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T1409 Access Stored Application Data

Adversaries may access and collect application data resident on the device. Adversaries often target popular applications such as Facebook, WeChat, and Gmail.1

This technique requires either escalated privileges or for the targeted app to have stored the data in an insecure manner (e.g., with insecure file permissions or in an insecure location such as an external storage directory).

Item Value
ID T1409
Tactics TA0035, TA0031
Platforms Android, iOS
Version 2.0
Created 25 October 2017
Last Modified 10 October 2019

Procedure Examples

ID Name Description
S0655 BusyGasper BusyGasper can collect data from messaging applications, including WhatsApp, Viber, and Facebook.16
S0529 CarbonSteal CarbonSteal can collect notes and data from the MiCode app.14
S0505 Desert Scorpion Desert Scorpion can collect account information stored on the device.12
S0550 DoubleAgent DoubleAgent has accessed browser history, as well as the files for 15 other apps.14
S0405 Exodus Exodus Two extracts information from Facebook, Facebook Messenger, Gmail, IMO, Skype, Telegram, Viber, WhatsApp, and WeChat.1
S0509 FakeSpy FakeSpy can collect account information stored on the device, as well as data in external storage.13
S0408 FlexiSpy FlexiSpy uses a FileObserver object to monitor the Skype and WeChat database file and shared preferences to retrieve chat messages, account information, and profile pictures of the account owner and chat participants. FlexiSpy can also spy on popular applications, including Facebook, Hangouts, Hike, Instagram, Kik, Line, QQ, Snapchat, Telegram, Tinder, Viber, and WhatsApp.3
S0577 FrozenCell FrozenCell has retrieved account information for other applications.15
S0551 GoldenEagle GoldenEagle has extracted messages from chat programs, such as WeChat.14
S0485 Mandrake Mandrake can collect all accounts stored on the device.11
S0399 Pallas Pallas retrieves messages and decryption keys for popular messaging applications and other accounts stored on the device.10
S0316 Pegasus for Android Pegasus for Android accesses sensitive data in files, such as messages stored by the WhatsApp, Facebook, and Twitter applications. It also has the ability to access arbitrary filenames and retrieve directory listings.8
S0289 Pegasus for iOS Pegasus for iOS accesses sensitive data in files, such as saving Skype calls by reading them out of the Skype database files.7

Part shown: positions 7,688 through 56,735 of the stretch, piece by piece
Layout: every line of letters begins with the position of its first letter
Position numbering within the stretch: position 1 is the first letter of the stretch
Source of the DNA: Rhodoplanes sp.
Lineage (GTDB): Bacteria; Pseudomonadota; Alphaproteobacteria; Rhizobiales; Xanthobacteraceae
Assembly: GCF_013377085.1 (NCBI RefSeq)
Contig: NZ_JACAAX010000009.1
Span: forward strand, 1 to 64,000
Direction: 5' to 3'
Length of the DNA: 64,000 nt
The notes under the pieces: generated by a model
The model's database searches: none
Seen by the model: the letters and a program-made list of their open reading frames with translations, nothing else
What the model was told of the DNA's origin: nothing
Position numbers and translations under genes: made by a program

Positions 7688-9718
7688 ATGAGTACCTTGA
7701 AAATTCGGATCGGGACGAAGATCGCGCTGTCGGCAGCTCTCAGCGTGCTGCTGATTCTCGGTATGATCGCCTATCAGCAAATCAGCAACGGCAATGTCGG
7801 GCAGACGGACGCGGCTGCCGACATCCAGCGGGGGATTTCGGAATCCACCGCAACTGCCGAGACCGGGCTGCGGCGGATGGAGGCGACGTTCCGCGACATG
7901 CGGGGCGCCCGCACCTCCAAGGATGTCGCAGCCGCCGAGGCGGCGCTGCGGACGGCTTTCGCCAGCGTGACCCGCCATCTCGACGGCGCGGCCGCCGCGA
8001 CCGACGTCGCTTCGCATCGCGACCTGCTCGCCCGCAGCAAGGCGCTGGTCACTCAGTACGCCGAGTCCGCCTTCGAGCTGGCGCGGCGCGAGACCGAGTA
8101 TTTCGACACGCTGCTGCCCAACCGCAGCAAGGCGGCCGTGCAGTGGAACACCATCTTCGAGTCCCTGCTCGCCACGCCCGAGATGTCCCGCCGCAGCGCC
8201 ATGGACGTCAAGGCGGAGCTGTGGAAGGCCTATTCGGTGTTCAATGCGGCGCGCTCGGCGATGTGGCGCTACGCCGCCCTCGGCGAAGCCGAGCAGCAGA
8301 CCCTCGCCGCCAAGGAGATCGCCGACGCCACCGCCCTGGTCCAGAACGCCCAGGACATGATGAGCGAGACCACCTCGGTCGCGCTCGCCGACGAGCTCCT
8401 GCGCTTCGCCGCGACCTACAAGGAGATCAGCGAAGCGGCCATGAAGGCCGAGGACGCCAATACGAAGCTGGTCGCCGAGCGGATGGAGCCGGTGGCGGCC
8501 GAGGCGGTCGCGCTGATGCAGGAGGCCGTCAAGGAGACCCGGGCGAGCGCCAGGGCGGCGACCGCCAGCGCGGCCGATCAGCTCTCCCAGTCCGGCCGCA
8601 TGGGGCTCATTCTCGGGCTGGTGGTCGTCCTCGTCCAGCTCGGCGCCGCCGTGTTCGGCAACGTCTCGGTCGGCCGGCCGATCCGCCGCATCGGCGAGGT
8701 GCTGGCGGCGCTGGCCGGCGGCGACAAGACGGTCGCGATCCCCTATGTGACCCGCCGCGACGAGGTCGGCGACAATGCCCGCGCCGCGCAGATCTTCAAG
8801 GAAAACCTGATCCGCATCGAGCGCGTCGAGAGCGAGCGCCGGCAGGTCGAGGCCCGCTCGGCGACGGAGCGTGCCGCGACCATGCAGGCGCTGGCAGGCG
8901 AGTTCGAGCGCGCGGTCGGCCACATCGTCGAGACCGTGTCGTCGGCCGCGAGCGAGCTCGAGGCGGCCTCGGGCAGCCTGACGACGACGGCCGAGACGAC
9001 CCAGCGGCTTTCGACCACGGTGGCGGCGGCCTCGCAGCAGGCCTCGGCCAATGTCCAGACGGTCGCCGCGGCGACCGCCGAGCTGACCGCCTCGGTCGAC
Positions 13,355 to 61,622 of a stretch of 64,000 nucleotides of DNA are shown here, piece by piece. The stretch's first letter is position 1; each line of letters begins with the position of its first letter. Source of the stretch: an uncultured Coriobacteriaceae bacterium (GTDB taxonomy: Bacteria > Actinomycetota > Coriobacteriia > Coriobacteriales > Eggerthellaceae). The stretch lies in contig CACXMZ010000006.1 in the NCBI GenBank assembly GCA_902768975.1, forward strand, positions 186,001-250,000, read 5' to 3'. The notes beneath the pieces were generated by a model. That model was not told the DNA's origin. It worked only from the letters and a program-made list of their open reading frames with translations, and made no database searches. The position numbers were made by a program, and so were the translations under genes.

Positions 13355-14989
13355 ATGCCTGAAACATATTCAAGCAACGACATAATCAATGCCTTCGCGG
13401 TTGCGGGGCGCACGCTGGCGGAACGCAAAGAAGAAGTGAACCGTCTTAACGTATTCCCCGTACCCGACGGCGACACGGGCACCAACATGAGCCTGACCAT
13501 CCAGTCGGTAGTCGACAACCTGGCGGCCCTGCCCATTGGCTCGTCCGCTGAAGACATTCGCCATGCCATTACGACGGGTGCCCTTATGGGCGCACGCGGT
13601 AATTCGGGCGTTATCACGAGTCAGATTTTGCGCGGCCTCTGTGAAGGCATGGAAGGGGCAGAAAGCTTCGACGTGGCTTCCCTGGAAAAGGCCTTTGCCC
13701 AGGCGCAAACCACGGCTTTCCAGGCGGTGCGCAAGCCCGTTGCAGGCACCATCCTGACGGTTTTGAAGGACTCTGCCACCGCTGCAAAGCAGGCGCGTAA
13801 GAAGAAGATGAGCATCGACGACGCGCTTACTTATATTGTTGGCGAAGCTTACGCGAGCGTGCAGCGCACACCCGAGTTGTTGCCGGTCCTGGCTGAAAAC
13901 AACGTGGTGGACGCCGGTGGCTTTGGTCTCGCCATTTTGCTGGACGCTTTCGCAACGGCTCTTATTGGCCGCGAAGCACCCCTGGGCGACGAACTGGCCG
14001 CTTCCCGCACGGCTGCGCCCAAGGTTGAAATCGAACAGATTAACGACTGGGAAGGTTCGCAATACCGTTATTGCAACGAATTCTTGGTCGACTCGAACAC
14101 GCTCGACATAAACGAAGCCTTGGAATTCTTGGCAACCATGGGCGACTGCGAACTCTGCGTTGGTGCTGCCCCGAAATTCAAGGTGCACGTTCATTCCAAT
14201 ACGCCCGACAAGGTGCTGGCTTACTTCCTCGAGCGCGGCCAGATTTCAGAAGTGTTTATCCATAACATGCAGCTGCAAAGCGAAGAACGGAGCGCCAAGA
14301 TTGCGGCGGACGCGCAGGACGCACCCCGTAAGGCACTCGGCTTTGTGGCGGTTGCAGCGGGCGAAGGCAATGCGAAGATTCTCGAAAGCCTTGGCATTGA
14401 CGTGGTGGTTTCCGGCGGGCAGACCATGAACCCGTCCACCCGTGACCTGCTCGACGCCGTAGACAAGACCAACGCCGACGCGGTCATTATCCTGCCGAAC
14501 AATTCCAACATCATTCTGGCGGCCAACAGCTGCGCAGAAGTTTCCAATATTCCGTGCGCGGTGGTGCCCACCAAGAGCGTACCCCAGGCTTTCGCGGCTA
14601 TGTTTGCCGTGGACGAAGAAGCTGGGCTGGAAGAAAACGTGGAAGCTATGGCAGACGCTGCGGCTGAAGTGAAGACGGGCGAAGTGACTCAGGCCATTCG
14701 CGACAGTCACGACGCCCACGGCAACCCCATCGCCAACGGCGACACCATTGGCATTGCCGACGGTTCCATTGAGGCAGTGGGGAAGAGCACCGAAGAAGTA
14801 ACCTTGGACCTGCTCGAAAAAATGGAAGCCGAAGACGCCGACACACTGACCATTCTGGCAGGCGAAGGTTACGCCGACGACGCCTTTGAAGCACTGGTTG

S0295 RCSAndroid RCSAndroid can collect contacts and messages from popular applications, including Facebook Messenger, WhatsApp, Skype, Viber, Line, WeChat, Hangouts, Telegram, and BlackBerry Messenger.4
S0327 Skygofree Skygofree has a capability to obtain files from other installed applications.5
S0324 SpyDealer SpyDealer exfiltrates data from over 40 apps such as WeChat, Facebook, WhatsApp, Skype, and others.6
S0329 Tangelo Tangelo accesses databases from WhatsApp, Viber, Skype, and Line.9


ID Mitigation Description
M1005 Application Vetting Ensure applications do not store data in an insecure fashion, such as in unprotected external storage, without acknowledging the risk that the data can potentially be accessed or modified by other applications.
M1006 Use Recent OS Version Most new versions of mobile operating systems include patches to newly discovered privilege escalation exploits used to root or jailbreak devices. Further, applications that target Android API level 28 or higher on Android 9.0 and above devices have a policy applied that prevents other applications from reading or writing data in their internal storage directories, regardless of file permissions.2


  1. Security Without Borders. (2019, March 29). Exodus: New Android Spyware Made in Italy. Retrieved September 3, 2019. 

  2. Google. (n.d.). Behavior changes: apps targeting API level 28+. Retrieved September 18, 2019. 

  3. K. Lu. (n.d.). Deep Technical Analysis of the Spyware FlexiSpy for Android. Retrieved September 10, 2019. 

  4. Veo Zhang. (2015, July 21). Hacking Team RCSAndroid Spying Tool Listens to Calls; Roots Devices to Get In. Retrieved December 22, 2016. 

  5. Nikita Buchka and Alexey Firsh. (2018, January 16). Skygofree: Following in the footsteps of HackingTeam. Retrieved September 24, 2018. 

  6. Wenjun Hu, Cong Zheng and Zhi Xu. (2017, July 6). SpyDealer: Android Trojan Spying on More Than 40 Apps. Retrieved September 18, 2018. 

  7. Lookout. (2016). Technical Analysis of Pegasus Spyware. Retrieved December 12, 2016. 

  8. Mike Murray. (2017, April 3). Pegasus for Android: the other side of the story emerges. Retrieved April 16, 2017. 

  9. Lookout. (n.d.). Stealth Mango & Tangelo. Retrieved September 27, 2018. 

  10. Blaich, A., et al. (2018, January 18). Dark Caracal: Cyber-espionage at a Global Scale. Retrieved April 11, 2018. 

  11. R. Gevers, M. Tivadar, R. Bleotu, A. M. Barbatei, et al.. (2020, May 14). Uprooting Mandrake: The Story of an Advanced Android Spyware Framework That Went Undetected for 4 Years. Retrieved July 15, 2020. 

  12. A. Blaich, M. Flossman. (2018, April 16). Lookout finds new surveillanceware in Google Play with ties to known threat actor targeting the Middle East. Retrieved September 11, 2020. 

  13. O. Almkias. (2020, July 1). FakeSpy Masquerades as Postal Service Apps Around the World. Retrieved September 15, 2020. 

  14. A. Kumar, K. Del Rosso, J. Albrecht, C. Hebeisen. (2020, June 1). Mobile APT Surveillance Campaigns Targeting Uyghurs - A collection of long-running Android tooling connected to a Chinese mAPT actor. Retrieved November 10, 2020. 

  15. Michael Flossman. (2017, October 5). FrozenCell: Multi-platform surveillance campaign against Palestinians. Retrieved November 11, 2020. 

  16. Alexey Firsh. (2018, August 29). BusyGasper – the unfriendly spy. Retrieved October 1, 2021. 

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